more Phase 3 clinical trials, which Seelos' current product candidates have not yet reached and may never reach. The development process is expensive, can take many years and has an uncertain outcome.
Failure can occur at any stage of the process. Seelos may experience numerous unforeseen events during, or as a result of, the development process that could delay or prevent
commercialization of Seelos' current or future product candidates, including the following:
- clinical trials may produce negative or inconclusive results;
- preclinical studies conducted with product candidates during clinical development to, among other things, evaluate their toxicology, carcinogenicity and
pharmacokinetics and optimize their formulation may produce unfavorable results;
- patient recruitment and enrollment in clinical trials may be slower than Seelos anticipates;
- costs of development may be greater than Seelos anticipates;
- Seelos' product candidates may cause undesirable side effects that delay or preclude regulatory approval or limit their commercial use or market acceptance, if
- collaborators who may be responsible for the development of Seelos' product candidates may not devote sufficient resources to these clinical trials or other
preclinical studies of these candidates or conduct them in a timely manner; or
- Seelos may face delays in obtaining regulatory approvals to commence one or more clinical trials.
Success in early development does not mean that later development will be successful because, for example, product candidates in later-stage clinical trials may fail to
demonstrate sufficient safety and efficacy despite having progressed through initial clinical trials.
Seelos has licensed or acquired all of the intellectual property related to its product candidates from third parties. All clinical trials, preclinical studies and other analyses
performed to date with respect to Seelos' product candidates have been conducted by their original owners. Therefore, as a company, Seelos has limited experience in conducting clinical trials
for its product candidates. Since Seelos' experience with its product candidates is limited, Seelos will need to train its existing personnel and hire additional personnel in order to successfully
administer and manage its clinical trials and other studies as planned, which may result in delays in completing such planned clinical trials and preclinical studies. Moreover, to date Seelos'
product candidates have been tested in less than the number of patients that will likely need to be studied to obtain regulatory approval. The data collected from clinical trials with larger patient
populations may not demonstrate sufficient safety and efficacy to support regulatory approval of these product candidates.
Seelos currently does not have strategic collaborations in place for clinical development of any of its current product candidates. Therefore, in the future, Seelos or any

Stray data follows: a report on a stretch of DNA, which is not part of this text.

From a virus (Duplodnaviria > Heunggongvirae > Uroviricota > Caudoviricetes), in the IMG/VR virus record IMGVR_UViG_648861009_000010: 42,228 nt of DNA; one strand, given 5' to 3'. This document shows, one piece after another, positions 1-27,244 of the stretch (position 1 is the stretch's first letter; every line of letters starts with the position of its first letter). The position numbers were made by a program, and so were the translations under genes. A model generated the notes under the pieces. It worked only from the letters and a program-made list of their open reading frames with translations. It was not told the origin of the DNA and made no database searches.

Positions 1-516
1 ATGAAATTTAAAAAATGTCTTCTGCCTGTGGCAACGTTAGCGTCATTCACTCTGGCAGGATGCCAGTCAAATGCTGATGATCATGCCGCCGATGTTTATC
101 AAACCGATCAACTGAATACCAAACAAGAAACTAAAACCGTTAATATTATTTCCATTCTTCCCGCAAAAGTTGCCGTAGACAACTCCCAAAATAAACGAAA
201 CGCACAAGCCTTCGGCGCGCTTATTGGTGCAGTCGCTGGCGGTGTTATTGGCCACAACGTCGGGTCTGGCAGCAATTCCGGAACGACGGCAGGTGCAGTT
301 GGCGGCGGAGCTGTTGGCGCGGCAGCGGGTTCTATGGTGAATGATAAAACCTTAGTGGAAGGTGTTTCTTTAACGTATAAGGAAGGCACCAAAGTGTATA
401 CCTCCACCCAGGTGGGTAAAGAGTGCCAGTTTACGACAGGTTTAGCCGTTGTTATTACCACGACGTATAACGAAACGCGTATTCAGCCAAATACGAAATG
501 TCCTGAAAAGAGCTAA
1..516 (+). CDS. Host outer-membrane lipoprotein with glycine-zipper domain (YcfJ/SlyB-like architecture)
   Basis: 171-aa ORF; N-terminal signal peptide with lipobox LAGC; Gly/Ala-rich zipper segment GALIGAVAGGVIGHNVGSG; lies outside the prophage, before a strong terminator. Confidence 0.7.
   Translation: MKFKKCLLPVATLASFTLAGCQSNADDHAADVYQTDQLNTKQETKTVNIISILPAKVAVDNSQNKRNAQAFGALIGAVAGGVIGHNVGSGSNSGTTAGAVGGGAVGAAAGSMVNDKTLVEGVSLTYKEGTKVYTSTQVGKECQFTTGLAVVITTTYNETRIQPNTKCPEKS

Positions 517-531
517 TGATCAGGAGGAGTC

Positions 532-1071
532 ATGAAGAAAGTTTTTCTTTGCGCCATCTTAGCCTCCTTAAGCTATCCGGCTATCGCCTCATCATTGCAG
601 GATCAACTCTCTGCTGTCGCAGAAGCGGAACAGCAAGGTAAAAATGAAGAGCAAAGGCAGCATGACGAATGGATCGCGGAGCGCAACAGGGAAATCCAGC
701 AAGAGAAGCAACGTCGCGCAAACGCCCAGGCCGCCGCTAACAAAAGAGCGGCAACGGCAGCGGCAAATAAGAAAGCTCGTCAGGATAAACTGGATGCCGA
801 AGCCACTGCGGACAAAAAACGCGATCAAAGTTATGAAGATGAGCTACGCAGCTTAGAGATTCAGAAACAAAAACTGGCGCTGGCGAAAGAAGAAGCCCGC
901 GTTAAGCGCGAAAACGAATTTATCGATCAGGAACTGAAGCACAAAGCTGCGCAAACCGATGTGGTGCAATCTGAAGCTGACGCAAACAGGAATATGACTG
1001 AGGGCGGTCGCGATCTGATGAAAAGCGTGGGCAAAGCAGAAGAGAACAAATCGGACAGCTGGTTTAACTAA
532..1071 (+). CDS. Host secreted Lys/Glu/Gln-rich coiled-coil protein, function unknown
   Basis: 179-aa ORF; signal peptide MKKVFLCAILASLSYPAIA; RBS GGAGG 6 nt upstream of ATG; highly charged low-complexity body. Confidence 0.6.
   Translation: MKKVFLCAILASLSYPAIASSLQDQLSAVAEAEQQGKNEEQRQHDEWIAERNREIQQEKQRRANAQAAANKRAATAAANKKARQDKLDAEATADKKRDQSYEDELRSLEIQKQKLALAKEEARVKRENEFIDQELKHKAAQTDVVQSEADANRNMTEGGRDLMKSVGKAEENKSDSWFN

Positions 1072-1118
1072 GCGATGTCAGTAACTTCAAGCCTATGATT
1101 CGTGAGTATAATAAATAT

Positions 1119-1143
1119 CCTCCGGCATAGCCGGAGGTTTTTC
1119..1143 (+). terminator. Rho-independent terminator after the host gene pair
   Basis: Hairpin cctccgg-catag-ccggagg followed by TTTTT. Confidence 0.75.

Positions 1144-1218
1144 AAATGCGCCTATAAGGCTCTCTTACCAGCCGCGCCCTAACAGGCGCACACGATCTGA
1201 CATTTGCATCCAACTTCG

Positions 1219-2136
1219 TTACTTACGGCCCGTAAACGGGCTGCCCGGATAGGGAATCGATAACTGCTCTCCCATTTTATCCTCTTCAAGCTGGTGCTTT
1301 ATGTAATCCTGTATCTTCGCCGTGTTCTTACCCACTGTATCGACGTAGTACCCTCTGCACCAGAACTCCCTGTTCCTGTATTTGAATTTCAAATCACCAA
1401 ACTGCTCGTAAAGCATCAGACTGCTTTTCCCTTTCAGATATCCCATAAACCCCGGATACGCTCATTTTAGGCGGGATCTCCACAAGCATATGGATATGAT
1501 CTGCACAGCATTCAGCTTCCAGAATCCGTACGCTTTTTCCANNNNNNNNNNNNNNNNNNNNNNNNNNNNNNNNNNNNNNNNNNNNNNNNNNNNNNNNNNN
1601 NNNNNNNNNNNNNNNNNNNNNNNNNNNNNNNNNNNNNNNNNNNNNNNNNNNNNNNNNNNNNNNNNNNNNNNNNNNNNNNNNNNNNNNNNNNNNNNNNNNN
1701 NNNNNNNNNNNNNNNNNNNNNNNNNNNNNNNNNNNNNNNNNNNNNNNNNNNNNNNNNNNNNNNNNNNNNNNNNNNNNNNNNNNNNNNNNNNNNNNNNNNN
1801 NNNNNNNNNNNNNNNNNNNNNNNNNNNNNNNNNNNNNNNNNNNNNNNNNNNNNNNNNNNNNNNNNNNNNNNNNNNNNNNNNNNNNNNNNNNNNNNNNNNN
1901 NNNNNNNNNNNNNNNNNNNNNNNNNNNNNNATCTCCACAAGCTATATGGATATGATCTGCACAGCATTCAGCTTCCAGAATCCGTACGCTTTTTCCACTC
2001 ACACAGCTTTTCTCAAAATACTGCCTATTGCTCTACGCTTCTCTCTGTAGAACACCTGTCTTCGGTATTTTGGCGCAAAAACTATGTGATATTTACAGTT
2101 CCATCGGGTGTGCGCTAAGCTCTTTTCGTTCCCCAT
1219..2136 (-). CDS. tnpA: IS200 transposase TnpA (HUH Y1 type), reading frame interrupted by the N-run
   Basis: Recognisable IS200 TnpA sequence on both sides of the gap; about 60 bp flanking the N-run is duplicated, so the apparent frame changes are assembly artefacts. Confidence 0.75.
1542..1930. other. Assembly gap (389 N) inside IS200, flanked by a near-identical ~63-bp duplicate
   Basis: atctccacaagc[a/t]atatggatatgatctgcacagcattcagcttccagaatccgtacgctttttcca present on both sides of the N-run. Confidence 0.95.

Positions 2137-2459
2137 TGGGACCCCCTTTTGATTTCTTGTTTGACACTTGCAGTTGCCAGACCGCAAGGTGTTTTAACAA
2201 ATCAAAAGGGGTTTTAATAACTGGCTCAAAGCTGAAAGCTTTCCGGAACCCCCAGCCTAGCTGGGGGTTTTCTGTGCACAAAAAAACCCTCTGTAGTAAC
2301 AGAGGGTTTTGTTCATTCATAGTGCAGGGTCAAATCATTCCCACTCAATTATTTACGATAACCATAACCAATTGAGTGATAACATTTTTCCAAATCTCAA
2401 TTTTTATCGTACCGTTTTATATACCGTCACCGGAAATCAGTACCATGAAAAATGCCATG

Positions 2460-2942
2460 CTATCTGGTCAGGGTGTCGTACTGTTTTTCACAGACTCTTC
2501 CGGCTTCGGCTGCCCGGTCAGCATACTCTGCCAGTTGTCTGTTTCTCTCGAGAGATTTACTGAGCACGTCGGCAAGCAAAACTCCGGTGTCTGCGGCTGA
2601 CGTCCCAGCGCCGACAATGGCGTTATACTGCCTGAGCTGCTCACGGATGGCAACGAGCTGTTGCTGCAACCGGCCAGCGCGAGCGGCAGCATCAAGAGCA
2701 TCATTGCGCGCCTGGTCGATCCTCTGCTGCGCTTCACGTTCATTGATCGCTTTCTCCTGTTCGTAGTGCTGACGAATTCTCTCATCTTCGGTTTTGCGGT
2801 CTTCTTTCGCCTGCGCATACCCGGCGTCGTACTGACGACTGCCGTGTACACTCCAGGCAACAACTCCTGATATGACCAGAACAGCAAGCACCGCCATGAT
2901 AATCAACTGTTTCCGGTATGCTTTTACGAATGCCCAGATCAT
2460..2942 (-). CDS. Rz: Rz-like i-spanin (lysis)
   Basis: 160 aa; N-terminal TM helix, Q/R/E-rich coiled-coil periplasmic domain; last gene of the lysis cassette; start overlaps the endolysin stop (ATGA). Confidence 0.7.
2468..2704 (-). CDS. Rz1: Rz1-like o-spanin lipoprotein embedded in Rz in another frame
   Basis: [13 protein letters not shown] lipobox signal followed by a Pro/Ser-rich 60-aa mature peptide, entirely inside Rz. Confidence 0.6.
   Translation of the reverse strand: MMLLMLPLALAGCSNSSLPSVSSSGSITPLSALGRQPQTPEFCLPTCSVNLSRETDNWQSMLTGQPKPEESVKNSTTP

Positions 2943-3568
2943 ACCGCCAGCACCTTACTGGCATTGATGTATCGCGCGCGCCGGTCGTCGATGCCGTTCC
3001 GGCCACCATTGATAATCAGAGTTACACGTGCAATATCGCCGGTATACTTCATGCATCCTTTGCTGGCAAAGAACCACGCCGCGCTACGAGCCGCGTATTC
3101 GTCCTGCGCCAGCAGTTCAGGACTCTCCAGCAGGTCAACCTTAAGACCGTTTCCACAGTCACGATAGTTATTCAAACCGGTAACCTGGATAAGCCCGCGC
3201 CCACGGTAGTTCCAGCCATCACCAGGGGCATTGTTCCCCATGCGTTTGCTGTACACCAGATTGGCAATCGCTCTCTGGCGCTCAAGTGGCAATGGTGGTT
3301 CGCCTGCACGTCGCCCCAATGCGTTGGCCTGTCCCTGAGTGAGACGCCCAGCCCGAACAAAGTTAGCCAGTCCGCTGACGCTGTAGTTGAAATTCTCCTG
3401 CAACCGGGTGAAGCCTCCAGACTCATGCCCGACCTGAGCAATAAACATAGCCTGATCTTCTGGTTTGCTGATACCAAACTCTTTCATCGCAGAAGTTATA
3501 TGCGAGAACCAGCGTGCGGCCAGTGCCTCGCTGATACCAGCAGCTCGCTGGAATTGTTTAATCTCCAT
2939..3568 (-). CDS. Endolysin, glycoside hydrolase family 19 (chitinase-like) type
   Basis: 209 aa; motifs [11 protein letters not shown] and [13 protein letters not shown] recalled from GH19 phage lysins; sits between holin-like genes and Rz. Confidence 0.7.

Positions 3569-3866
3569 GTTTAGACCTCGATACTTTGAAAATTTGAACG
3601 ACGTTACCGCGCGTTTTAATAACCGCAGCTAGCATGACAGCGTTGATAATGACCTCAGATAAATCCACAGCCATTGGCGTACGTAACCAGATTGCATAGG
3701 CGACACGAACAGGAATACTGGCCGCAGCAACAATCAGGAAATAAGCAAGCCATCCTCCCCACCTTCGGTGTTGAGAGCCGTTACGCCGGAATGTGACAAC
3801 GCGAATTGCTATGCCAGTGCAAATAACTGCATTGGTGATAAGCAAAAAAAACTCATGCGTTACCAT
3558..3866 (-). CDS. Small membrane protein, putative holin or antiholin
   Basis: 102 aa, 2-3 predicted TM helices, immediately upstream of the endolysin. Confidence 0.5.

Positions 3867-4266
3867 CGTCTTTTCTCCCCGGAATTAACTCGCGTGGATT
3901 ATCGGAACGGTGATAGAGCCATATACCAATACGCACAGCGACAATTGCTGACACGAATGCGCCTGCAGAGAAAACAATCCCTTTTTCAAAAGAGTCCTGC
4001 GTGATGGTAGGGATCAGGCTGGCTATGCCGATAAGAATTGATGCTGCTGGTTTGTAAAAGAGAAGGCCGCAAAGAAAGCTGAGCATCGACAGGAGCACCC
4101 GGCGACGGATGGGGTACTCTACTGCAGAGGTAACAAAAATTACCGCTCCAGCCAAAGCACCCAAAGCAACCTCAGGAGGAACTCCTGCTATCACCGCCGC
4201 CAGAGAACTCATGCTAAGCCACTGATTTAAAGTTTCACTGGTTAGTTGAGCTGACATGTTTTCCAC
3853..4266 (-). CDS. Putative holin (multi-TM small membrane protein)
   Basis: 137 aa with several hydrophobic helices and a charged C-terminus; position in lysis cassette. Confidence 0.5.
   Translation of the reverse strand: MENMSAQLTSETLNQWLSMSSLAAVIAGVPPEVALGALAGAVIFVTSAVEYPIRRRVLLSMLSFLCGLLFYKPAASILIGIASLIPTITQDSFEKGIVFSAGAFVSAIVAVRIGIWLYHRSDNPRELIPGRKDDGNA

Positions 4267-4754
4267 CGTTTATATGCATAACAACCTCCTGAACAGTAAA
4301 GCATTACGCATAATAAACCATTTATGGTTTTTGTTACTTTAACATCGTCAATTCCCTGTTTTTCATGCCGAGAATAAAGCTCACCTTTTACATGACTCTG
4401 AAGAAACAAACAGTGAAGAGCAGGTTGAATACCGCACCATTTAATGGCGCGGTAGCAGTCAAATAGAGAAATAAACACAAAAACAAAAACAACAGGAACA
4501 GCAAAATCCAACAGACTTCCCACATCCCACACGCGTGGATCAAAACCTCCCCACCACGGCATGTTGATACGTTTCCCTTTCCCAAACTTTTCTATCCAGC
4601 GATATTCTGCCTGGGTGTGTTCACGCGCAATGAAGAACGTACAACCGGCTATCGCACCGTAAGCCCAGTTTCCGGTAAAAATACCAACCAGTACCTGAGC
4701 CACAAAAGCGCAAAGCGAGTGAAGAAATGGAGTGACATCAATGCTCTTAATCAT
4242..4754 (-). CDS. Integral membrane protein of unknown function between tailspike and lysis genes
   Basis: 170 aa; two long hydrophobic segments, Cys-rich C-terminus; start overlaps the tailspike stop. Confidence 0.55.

potential future collaborative partner will be responsible for establishing the targeted endpoints and goals for development of its product candidates. These targeted endpoints and goals may be
inadequate to demonstrate the safety and efficacy levels required for regulatory approvals. Even if Seelos believes data collected during the development of its product candidates are
promising, such data may not be sufficient to support marketing approval by the FDA, the EMA or comparable foreign authorities. Further, data generated during development can be
interpreted in different ways, and the FDA, the EMA or comparable foreign authorities may interpret such data in different ways than Seelos or Seelos' collaborators. Seelos' failure to
adequately demonstrate the safety and efficacy of Seelos' product candidates would prevent Seelos' receipt of regulatory approval, and ultimately the potential commercialization of these
Since Seelos does not currently possess the resources necessary to independently develop and commercialize its product candidates or any other product candidates
that Seelos may develop, Seelos may seek to enter into collaborative agreements to assist in the development and potential future commercialization of some or all of these assets as a
component of Seelos' strategic plan. However, Seelos' discussions with potential collaborators may not lead to the establishment of collaborations on acceptable terms, if at all, or it may take
longer than expected to establish new collaborations, leading to development and potential commercialization delays, which would adversely affect Seelos' business, financial condition and
results of operations.
Seelos expects to continue to incur significant research and development expenses, which may make it difficult for Seelos to attain profitability.
Seelos expects to expend substantial funds in research and development, including preclinical studies and clinical trials of its product candidates, and to
manufacture and market any product candidates in the event they are approved for commercial sale. Seelos also may need additional funding to develop or acquire complementary companies,
technologies and assets, as well as for working capital requirements and other operating and general corporate purposes. Moreover, Seelos' planned increases in staffing will dramatically
increase Seelos' costs in the near and long-term.
However, Seelos' spending on current and future research and development programs and product candidates for specific indications may not yield any commercially
viable products. Due to Seelos' limited financial and managerial resources, Seelos must focus on a limited number of research programs and product candidates and on specific indications.
Seelos' resource allocation decisions may cause it to fail to capitalize on viable commercial products or profitable market opportunities.